To create the stored procedure, you use a new project type in Visual Studio .NET 2003, the "Oracle Project":

Create a new Oracle Project called "MyStoredProcedure" and you will see that the project wizard has added a reference to the Oracle Data Provider for .NET assembly and added the ODP.NET namespaces to the class file. The Visual Studio .NET 2003 development environment should resemble the following:

You will replace the StoredProcedure1 procedure generated by the project wizard with your code to get a country name from the countries table. Your new procedure will accept a country ID as an integer parameter and return the country name as a string value. A key point to notice as you develop your procedure is that the code in a .NET stored procedure is virtually identical to the code you use in a stand-alone program. In fact, the only difference you will see is the connection string used to establish the connection to the database. Here is the complete code:

using System;
using System.Data;
using Oracle.DataAccess.Client;
using Oracle.DataAccess.Types;

namespace MyStoredProcedure
  /// Summary description for Class1.
  public class Class1
    public static string GetCountryName(string CountryID)
      // used to return the country name
      string CountryName = "";

      // Get a connection to the db
      // context connection is used in a stored procedure
      OracleConnection con = new OracleConnection();
      con.ConnectionString = "context connection=true";

      // Create command and parameter objects
      OracleCommand cmd = con.CreateCommand();
      cmd.CommandText = "select country_name from countries where country_id = :1";
      cmd.Parameters.Add(":1", OracleDbType.Varchar2, CountryID, ParameterDirection.Input);
      // get a data reader
      OracleDataReader rdr = cmd.ExecuteReader();

      // get the country name from the data reader
        CountryName = rdr.GetString(0);
      // clean up objects

      // Return the country name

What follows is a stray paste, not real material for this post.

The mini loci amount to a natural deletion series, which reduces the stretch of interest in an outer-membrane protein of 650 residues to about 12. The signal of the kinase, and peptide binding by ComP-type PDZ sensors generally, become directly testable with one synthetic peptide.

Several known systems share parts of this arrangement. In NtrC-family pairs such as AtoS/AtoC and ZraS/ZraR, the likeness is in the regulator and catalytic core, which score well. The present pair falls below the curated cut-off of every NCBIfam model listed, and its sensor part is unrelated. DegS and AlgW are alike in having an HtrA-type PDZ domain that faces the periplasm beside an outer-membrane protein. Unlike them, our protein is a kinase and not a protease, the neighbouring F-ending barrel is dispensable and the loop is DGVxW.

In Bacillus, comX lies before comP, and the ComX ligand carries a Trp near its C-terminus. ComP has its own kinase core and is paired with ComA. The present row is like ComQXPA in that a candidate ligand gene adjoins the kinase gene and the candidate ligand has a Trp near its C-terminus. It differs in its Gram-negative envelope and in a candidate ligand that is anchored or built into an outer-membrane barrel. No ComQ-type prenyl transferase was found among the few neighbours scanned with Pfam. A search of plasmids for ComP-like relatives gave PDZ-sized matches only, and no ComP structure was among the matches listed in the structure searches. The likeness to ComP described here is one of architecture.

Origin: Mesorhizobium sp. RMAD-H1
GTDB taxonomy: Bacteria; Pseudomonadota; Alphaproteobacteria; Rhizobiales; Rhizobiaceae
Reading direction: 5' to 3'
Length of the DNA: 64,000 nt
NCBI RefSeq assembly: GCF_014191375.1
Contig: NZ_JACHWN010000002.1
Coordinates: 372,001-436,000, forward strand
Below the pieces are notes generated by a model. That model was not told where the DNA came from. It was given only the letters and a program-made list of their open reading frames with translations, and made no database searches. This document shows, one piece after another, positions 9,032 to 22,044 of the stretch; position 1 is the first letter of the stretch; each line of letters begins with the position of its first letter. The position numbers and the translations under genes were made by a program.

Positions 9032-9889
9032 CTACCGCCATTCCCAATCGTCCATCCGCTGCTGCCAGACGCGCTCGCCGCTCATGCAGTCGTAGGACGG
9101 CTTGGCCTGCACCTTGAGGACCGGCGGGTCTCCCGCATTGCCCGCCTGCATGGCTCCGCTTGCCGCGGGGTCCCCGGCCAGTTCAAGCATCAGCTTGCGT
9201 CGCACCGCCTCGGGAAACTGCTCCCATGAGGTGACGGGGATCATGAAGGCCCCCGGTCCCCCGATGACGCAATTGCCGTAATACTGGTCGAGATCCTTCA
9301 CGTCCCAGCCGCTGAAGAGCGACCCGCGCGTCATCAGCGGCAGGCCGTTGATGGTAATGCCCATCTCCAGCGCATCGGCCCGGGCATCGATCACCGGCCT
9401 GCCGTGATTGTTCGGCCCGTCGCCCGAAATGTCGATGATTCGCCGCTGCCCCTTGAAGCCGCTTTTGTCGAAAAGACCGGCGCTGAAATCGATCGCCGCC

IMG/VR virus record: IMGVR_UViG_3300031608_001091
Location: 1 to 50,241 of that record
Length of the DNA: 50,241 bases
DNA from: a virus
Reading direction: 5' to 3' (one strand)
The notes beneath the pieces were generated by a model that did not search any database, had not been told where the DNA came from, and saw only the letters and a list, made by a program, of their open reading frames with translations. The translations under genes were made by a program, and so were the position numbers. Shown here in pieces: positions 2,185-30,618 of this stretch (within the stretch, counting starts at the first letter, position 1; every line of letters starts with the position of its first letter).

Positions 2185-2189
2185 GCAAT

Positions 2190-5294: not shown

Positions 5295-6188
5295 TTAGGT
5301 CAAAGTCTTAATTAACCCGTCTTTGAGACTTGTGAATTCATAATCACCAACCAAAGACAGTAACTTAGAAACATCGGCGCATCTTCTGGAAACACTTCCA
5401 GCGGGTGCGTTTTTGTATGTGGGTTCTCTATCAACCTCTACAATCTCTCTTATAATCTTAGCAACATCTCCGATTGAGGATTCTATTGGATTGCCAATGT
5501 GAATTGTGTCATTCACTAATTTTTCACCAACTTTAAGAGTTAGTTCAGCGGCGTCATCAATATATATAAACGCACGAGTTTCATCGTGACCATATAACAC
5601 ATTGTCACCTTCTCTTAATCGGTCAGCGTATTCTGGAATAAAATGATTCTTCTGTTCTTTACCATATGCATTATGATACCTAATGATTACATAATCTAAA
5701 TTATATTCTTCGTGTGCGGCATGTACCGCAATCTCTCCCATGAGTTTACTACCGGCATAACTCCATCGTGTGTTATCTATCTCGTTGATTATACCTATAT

return CountryName;

Again, other than the special connection string, this code is identical to that you would include in a client application. The contextconnection=true is how you indicate that the code uses the connection of the process that called it and you may only specify contextconnection=true  within a stored procedure. TheOracleConnection has a new property called IsAvailable that you can use to determine if your code is executing in the context of a stored procedure. If the IsAvailable property returns true, the code is executing in the context of a stored procedure. This property returns false otherwise. You can easily use this property to build a connection string based on whether your code is executing in a stored procedure or in a stand-alone application. This allows for you code to be reused with very little effort.

Before you deploy your stored procedure, you must first build the project. Since you will debug your procedure after deploying it, make sure you perform a debug build of the project. After building the project, you deploy it to the database using a deployment wizard. At this time, you must use a SYSDBA connection to the database in order to deploy the stored procedure. If you do not have a SYSDBA connection available in the Data Connection node within the Oracle Developer Tools for Visual Studio .NET, the wizard will allow you to create one.

To deploy the stored procedure, select Build→ Deploy Solution from the Visual Studio .NET 2003 menu bar. This will start the deployment wizard:

After reviewing the information on the first step of the wizard, click on Next. You will then be prompted to select the database connection to use. If you do not have a database connection already defined, click on the New Connection button. Otherwise, choose the SYSDBA-enabled connection you would like to use: